Sources of support

Building Islam in Detroit has received generous support from several University of Michigan programs:

The Rackham Interdisciplinary Institute,

The International Institute’s Islam/Art/America project

the Duderstadt Center (GROCS)

Islamic Studies Initiative

Project History

To date, our fieldwork has helped us understand how Detroit’s Muslim communities have evolved over time. The building of mosques and the creation of Muslim spaces in Detroit is a deeply historical process. It has always required careful negotiation among Muslims themselves and between Muslims and the larger society. These cultural interactions have, over the last century, transformed neighborhoods and business districts into identity zones that are perceived to be uniquely Muslim by insiders and outsiders alike. In the post-9/11 era, American Muslims have been closely scrutinized by scholars, the media, and governmental authorities. Our project is looks beyond the “community at risk” models that dominate contemporary studies of American Muslims. Instead, we highlight variations in the status of Detroit’s Muslim communities over long periods of time, and we try to understand how local Muslims, using spiritual and cultural resources unique to Detroit, have successfully established their presence in a country that has often excluded or ignored them.

Detroit’s first, purpose-built mosque was established in Highland Park in 1921. Those who attended the opening ceremonies, according to contemporary press reports, were immigrants from “Persia, Turkey, Spain, Morocco, India, Siberia, Arabia, and Syria.” The mosque’s founders sought to create “a beacon of Islam in the West.” The conflicting expectations of this pan-Muslim congregation led to in-fighting, and the building was sold in 1927. By the 1930s, a variety of Muslim associations existed in the city. Turks and Albanians met on Detroit’s west side. Arabs formed Muslim associations and mosques in Highland Park and on Vernor Avenue in Dearborn. Indians and Afghanis gathered in a prayer space on Hastings Street, not far from Black Bottom, where W.D. Fard began preaching in 1930 and where Elijah Mohammad joined his movement, which became the Nation of Islam. In our survey of roughly 50 contemporary mosques in Detroit, most of which are now filled with immigrant Muslims and indigenous converts to Islam, we determined that the majority of these institutions can trace their origins, directly or indirectly, to Highland Park, circa 1921, Hastings Street, circa 1934, and Vernor Highway, circa 1937.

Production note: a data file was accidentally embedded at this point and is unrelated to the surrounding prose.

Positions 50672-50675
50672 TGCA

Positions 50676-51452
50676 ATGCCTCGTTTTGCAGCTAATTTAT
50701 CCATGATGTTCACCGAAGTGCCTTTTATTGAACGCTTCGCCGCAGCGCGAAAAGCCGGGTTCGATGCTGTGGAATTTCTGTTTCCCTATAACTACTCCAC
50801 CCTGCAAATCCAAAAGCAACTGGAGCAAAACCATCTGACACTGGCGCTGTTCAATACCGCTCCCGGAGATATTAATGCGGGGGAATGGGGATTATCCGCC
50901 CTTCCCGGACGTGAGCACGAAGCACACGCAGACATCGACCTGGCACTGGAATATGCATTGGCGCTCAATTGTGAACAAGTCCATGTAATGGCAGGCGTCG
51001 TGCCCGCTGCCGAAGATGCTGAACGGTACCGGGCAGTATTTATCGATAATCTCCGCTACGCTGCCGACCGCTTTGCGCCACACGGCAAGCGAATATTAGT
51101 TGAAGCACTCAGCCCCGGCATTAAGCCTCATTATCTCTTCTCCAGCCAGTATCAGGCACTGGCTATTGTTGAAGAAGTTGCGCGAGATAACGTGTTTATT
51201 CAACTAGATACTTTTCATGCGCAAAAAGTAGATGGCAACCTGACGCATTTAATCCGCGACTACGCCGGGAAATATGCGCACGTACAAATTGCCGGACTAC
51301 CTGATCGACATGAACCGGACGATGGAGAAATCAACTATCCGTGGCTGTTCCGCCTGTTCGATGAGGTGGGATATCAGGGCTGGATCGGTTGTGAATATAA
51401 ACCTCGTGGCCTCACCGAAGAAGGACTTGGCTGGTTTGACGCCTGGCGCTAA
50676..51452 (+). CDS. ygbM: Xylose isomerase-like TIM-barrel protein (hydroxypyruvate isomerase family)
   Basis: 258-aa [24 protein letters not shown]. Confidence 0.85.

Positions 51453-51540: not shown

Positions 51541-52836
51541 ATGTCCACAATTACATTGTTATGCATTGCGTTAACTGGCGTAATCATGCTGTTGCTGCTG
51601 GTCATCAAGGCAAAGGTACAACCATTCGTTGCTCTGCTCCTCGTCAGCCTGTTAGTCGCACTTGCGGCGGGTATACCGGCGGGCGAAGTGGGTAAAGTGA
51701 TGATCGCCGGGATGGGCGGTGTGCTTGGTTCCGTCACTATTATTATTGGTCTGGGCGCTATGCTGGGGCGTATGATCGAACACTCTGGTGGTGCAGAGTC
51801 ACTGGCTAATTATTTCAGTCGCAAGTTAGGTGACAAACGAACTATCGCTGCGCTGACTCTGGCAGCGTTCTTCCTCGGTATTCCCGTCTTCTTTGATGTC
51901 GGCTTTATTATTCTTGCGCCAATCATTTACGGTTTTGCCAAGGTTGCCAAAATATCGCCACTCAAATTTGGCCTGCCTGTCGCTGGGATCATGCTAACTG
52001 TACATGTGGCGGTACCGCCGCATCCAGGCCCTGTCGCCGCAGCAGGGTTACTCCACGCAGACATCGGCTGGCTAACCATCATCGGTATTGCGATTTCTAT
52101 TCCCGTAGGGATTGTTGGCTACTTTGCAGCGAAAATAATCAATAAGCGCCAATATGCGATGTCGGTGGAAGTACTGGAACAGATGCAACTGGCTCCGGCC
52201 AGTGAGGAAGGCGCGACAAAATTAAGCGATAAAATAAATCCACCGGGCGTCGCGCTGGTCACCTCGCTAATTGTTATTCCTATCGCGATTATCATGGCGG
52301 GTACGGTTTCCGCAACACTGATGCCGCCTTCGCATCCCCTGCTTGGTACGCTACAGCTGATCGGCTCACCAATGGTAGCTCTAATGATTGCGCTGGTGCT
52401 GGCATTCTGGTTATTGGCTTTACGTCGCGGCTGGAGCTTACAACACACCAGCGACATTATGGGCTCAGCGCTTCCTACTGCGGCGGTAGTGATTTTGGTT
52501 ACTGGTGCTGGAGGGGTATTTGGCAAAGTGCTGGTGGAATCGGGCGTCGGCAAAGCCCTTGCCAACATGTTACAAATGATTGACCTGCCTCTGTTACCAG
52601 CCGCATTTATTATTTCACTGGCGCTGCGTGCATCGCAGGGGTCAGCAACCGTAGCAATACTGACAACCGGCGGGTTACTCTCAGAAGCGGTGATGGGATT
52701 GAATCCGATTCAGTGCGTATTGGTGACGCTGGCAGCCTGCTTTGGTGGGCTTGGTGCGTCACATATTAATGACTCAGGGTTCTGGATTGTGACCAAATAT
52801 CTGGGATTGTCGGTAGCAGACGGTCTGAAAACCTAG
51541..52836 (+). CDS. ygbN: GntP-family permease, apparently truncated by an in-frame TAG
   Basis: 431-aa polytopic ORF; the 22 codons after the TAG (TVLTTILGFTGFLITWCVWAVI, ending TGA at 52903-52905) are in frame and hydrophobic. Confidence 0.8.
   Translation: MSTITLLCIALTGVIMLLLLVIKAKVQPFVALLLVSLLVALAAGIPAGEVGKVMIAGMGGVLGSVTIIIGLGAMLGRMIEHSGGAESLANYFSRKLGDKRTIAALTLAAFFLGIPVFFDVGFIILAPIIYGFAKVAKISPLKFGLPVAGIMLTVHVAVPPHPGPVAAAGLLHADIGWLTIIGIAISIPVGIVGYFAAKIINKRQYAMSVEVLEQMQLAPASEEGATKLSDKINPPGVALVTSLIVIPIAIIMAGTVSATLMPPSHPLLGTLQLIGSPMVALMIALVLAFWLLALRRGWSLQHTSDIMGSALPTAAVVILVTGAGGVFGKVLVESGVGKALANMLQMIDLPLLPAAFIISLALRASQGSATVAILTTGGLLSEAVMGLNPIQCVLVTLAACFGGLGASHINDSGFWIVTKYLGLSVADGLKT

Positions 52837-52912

Today, large, old, multilingual mosques are found throughout Detroit. Many of these congregations are housed in new facilities whose grand proportions reflect confidence and prosperity. Their basketball courts, industrial kitchens, and media centers signal an expanding vision of the role mosques can play in everyday life. Meanwhile, small, modestly financed Muslim congregations are being established in abandoned storefronts, refurbished churches, warehouses, banks, and apartments. Together, these mosques constitute a sacred architectural landscape in which intra-Muslim difference is made and managed against a complex backdrop of new immigration from Africa, the Arab world, and South Asia, the spread of Islam among African Americans, and the shifting religious and political orientations of second and third generation Muslim Americans. Since the 1990s, Detroit has also seen the creation of pan-ethnic mosques and pan-Muslim associations whose goals are to encourage Muslim unity, render Islam comprehensible to the larger society, and advocate for the interests of Muslim communities on the local and national stage.

Progress in Research and Programming

Building Islam in Detroit is cataloging the diversity of Detroit’s Muslim communities as well as documenting and reinterpreting their complex histories. Since April, 2004, the project’s key participants (originally a team of 10 faculty and graduate students) have visited more than 50 mosques. Together, we have explored the devotional forms (prayer, teaching, celebration, mourning), design vocabularies (iconography, building shapes and features), identity practices (Arabic instruction, outreach, print and electronic media, cultural and ecumenical programs), and historical narratives (life histories, migration and conversion accounts, and mosque histories) that make these collective spaces Muslim.

An initial version of the Building Islam in Detroit website proved immensely popular, and the pictures and mosque histories that appeared on the site have been downloaded and put to use on other websites around the world. 

BIID has also produced a multimedia exhibition, Building Islam in Detroit: Foundations, Forms, Futures, which was shown at the University of Michigan in 2005 and Michigan State University in 2007. The exhibit was redesigned in 2007 and is now traveling to cultural centers and universities in Africa and Asia (see Exhibition).

To view the exhibition as it appeared in 2005, click here.

To view the current exhibition, click here.

For more information or details about the project, email ...